Bad behavior may not be a result of bad parenting, but a lack of common language

June 07, 2016

AMES, Iowa - Most parents will admit that talking with a teenage child is difficult at times. It is even more challenging when parents and children don't speak the same language fluently -- a reality for a growing number of immigrant families in the United States.

New research from Iowa State University suggests this language barrier can have negative consequences for adolescent self-control and aggressive behavior. Thomas Schofield, lead author and assistant professor of human development and family studies at Iowa State, says better understanding this dynamic and improving communication between parents and teens may have major social implications.

"When teens of immigrant parents struggle, we assume either that the parents are doing something wrong, or that our culture is insufficiently supportive of immigrants. That's why I'm really excited about this research," Schofield said. "Our results show that there's no need for blame here; there are no villains. Removing this language barrier between immigrants and their children is a solution we can all focus on together."

In two separate studies, Schofield and his colleagues used data of observed interactions between mothers and children in Mexican-origin families. In both samples, positive discipline and warm parenting increased self-control and decreased aggression in adolescents, but only when mother and child were proficient in a common language. If there was a language barrier and mothers were harsh, adolescents had less self-control and were more aggressive. The research is published in the Journal of Research on Adolescence.

Day-to-day communication was not the problem. These language barriers affect more complex conversations necessary for effective parenting - for example, parents explaining rules or teens talking with their parents about concerns. Schofield says adults sometimes take for granted the shared understanding communication creates - a process that all teens are still learning and trying to figure out (regardless of linguistic background).

"Parents want to make sure our kids understand why we're doing what we're doing, and particularly to explain our actions if we've been inconsistent or insensitive. If adolescents grow weary of jumping that linguistic hurdle when communicating with their immigrant parents, over time they may start to fill that need to communicate with someone else. People do this in any relationship. We stop trying to make it work with the person who can't, and we find someone else who can," Schofield said.

Many teens will naturally turn to their peers instead. It's not that children don't feel loved or feel their parents are bad; it's just too hard to communicate about complex issues, Schofield said. And if their peers are also children of immigrant parents, they may start to see this disconnect from their parents as the norm, Schofield said. This is why families can continue to struggle for several generations post-immigration, even when language is no longer a barrier.

Breaking down the language barrier

If future studies support this link between language and parenting, then Schofield thinks the solution is simple. We support immigrant parents in learning proficient English and children of immigrants to become proficient in their home language. While simple in theory, Schofield understands it will be difficult to execute. However, the need is great; more than 16 million children in the U.S. have at least one immigrant parent, he said.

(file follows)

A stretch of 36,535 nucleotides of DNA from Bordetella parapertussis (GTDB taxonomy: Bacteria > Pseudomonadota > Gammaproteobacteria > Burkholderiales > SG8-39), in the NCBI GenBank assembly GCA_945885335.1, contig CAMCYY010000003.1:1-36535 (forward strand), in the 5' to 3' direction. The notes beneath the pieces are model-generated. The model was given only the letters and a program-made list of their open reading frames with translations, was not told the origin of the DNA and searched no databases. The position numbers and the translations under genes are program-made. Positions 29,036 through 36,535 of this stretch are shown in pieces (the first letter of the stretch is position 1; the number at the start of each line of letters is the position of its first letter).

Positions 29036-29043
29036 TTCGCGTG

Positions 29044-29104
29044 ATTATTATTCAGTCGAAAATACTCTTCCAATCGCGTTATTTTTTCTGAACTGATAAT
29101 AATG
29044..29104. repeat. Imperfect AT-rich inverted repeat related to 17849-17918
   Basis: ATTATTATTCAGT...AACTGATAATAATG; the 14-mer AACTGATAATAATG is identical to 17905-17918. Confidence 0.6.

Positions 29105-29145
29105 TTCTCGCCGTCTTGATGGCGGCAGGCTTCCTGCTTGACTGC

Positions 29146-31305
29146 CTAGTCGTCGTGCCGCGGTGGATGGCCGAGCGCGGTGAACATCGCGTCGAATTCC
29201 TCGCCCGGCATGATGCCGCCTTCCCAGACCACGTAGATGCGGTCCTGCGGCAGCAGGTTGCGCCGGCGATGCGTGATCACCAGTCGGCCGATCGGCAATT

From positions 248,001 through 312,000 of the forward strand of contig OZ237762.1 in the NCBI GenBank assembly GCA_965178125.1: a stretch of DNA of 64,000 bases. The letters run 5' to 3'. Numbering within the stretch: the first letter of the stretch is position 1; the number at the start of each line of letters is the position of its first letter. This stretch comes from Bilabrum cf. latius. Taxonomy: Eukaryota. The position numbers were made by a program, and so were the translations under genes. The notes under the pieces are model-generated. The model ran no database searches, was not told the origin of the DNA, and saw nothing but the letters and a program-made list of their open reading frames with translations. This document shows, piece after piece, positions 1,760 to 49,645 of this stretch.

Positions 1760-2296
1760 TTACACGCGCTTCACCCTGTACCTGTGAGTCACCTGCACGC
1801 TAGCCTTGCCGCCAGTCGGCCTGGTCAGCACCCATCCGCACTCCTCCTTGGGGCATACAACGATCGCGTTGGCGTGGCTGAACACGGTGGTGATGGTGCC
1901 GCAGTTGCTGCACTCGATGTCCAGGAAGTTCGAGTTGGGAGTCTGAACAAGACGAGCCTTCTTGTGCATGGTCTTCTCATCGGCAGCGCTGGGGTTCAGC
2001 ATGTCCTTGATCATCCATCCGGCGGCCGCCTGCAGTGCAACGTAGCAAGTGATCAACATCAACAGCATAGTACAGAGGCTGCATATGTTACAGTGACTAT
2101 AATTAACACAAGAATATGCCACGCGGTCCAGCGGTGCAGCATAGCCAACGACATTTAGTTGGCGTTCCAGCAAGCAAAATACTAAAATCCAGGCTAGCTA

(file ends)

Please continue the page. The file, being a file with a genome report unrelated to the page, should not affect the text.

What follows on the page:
Rand Conger and Richard Robins, University of California-Davis; Scott Coltrane, University of Oregon; and Ross Parke, University of California-Riverside; all contributed to this research.

A difference in interpretation

Researchers recognize that even when families share a common language, each member may have a different interpretation of family dynamics and behavior. In a separate paper, Schofield, Parke, Coltrane and Jennifer Weaver, Boise State University, examined the ratings of parents by children, observers and parents in research studies.

They found that the differences offer greater insight as to what's really happening in families and how it affects children. For example, when parents enhance or exaggerate their ratings - saying they're warm and less harsh, even though the child and independent observers say otherwise -- children are more likely to be depressed and lonely. However, if parents are more critical of their own behavior (relative to other raters of their behavior), children have higher self-worth. The results are published in the Journal of Family Psychology.

"This does not suggest that parents should be hard on themselves, but that children benefit when parents are reflective and self-aware to how they're perceived by their children and other people," Schofield said. "Parenting is a relationship, a 50-50 blend of two people's perspectives."

Researchers typically average the differences reported by parents, children and observers, or focus solely on factors reported by all three. Schofield says this study shows that such an approach ignores dynamics that are meaningful to understand.

Reinforcing the findings on communication barriers disrupting the parenting process, these differences between reporters of parent behavior were even more strongly linked with child social and emotional development among Latino families than they were among Euro-American families.

Iowa State University

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